Home > Hydropower > Should California Opt-In to One Large Regional Power Grid?

Late last year, Renewable Energy World published articles and a video to explain the energy imbalance market to readers. This is the market that was created as a result of the fact that California often has excess solar, wind and hydropower and must “curtail” those energy sources, which means turn them off completely. Instead of curtailing them, through the energy imbalance market, those solar, wind, and hydropower plant owners can sell their power over the border to neighboring states.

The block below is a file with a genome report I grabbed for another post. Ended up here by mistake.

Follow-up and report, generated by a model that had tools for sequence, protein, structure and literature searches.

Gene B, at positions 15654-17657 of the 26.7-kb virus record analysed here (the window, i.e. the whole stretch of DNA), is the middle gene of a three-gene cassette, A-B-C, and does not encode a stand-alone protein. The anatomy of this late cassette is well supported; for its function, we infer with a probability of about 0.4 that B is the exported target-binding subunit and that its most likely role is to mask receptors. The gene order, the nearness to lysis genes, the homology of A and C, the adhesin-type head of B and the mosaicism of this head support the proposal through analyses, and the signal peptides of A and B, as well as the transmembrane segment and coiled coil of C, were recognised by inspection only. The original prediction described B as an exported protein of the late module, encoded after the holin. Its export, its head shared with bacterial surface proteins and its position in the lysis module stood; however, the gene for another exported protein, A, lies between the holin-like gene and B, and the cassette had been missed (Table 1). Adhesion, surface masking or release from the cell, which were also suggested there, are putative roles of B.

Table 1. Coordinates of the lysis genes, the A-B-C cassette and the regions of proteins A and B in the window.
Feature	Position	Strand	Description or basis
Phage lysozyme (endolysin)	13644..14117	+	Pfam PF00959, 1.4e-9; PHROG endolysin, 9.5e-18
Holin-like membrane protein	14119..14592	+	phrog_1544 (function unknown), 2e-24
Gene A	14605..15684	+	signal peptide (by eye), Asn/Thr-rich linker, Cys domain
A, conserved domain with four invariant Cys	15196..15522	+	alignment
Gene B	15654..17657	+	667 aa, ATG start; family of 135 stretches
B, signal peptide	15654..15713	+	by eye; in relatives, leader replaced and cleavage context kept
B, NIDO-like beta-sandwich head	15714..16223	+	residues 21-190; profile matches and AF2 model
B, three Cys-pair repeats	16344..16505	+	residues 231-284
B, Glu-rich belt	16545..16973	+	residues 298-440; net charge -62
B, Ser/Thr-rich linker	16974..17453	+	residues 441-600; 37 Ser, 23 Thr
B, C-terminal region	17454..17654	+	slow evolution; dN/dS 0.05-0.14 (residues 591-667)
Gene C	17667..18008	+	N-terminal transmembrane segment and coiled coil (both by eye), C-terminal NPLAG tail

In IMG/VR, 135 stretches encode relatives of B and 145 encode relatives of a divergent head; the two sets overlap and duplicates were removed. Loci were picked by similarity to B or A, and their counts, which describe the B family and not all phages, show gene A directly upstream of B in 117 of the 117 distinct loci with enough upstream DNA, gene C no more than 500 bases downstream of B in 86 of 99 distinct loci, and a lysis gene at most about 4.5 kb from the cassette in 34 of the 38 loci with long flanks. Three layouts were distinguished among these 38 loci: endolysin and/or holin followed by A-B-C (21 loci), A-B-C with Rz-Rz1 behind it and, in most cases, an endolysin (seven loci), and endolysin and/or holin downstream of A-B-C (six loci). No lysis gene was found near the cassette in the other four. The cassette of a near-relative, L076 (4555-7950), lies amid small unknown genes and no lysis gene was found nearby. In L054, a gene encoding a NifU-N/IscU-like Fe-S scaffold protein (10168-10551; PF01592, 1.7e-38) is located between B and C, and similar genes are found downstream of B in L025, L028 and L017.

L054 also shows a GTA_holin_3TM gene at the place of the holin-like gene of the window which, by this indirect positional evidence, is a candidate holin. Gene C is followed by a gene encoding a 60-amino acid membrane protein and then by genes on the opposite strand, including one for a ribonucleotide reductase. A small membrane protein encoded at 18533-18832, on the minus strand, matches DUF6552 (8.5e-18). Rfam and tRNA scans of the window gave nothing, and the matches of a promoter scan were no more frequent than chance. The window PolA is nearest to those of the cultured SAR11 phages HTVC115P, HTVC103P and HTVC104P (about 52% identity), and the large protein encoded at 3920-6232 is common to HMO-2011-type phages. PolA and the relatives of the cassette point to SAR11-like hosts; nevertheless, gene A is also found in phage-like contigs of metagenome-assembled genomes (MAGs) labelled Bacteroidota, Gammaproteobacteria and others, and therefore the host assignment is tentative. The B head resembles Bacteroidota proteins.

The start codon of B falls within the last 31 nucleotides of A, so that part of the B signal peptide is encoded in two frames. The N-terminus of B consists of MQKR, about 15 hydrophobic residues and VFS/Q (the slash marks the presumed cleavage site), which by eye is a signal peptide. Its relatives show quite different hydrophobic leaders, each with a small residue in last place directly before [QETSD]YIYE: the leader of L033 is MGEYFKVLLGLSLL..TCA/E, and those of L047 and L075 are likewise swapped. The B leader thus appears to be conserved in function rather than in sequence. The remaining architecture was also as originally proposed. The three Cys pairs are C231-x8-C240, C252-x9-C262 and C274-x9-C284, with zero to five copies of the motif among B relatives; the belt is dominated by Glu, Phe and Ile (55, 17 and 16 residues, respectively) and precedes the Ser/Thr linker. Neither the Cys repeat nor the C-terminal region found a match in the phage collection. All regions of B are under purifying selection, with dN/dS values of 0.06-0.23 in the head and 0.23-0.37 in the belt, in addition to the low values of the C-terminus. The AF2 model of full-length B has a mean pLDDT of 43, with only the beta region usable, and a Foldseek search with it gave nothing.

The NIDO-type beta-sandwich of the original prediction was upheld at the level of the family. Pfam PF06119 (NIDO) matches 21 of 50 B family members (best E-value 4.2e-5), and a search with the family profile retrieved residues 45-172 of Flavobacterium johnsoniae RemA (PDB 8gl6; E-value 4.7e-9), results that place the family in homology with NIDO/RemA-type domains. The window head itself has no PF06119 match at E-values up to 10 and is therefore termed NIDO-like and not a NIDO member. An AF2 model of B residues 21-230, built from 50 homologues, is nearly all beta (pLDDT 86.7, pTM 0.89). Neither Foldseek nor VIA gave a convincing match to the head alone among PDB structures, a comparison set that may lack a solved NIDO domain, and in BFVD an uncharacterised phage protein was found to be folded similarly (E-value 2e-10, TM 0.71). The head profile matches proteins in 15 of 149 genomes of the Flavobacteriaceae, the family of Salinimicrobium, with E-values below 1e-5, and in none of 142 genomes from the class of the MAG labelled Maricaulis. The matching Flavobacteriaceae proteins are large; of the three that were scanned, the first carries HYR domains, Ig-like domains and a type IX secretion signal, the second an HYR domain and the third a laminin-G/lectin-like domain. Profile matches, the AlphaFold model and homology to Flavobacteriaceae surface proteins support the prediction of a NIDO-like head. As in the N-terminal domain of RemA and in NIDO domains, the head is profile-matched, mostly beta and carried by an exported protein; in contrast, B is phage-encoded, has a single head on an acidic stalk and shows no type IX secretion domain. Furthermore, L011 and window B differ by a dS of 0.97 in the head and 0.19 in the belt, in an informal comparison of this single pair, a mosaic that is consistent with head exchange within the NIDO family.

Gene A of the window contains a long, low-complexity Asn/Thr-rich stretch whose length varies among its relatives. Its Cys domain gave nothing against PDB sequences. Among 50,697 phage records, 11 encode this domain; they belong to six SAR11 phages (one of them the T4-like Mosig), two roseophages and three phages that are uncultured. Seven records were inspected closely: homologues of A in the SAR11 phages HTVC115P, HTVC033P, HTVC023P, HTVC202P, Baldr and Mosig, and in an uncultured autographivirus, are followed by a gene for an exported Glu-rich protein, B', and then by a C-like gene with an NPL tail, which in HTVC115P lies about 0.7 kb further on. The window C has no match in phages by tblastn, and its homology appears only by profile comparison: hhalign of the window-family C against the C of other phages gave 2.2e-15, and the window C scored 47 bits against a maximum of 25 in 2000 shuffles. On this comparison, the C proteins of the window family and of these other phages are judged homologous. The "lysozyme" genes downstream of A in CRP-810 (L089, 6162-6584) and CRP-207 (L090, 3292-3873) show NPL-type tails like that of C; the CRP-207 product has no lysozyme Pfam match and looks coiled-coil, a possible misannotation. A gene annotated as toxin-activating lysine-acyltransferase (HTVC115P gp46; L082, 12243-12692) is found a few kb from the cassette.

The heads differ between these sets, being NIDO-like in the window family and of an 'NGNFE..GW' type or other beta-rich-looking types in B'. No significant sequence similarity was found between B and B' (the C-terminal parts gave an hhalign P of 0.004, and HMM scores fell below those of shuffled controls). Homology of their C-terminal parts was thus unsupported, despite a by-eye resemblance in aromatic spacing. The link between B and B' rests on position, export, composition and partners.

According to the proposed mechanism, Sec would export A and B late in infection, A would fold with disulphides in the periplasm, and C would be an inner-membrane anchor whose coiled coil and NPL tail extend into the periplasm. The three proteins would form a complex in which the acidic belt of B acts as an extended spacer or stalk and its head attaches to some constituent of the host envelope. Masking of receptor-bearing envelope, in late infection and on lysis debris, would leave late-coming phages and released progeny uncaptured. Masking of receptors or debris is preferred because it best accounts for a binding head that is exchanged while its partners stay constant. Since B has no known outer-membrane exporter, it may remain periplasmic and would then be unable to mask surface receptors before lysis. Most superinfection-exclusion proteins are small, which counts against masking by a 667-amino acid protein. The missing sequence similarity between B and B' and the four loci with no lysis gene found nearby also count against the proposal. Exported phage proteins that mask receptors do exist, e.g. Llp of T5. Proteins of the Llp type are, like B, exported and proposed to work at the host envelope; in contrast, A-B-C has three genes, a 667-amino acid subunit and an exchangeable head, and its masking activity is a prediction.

Now the state is mulling an even larger opportunity, in which it would dissolve its current grid operator, the California ISO (Cal-ISO) and form one large regional grid, which would have oversight from the Federal Energy Regulatory Commission (FERC). The move could lead to lower electricity rates and cleaner energy for all regions, some say. Others worry that giving up state oversight and letting FERC take control could lead to California at some point propping up coal-fired power plants in Wyoming and Utah. After all, FERC has been considering proposals from Secretary Perry on how to keep coal and nuclear power plants alive — the latest move being one related to national security. The articles below outline some of the issues in play. What do you think the state should do? — JMR  

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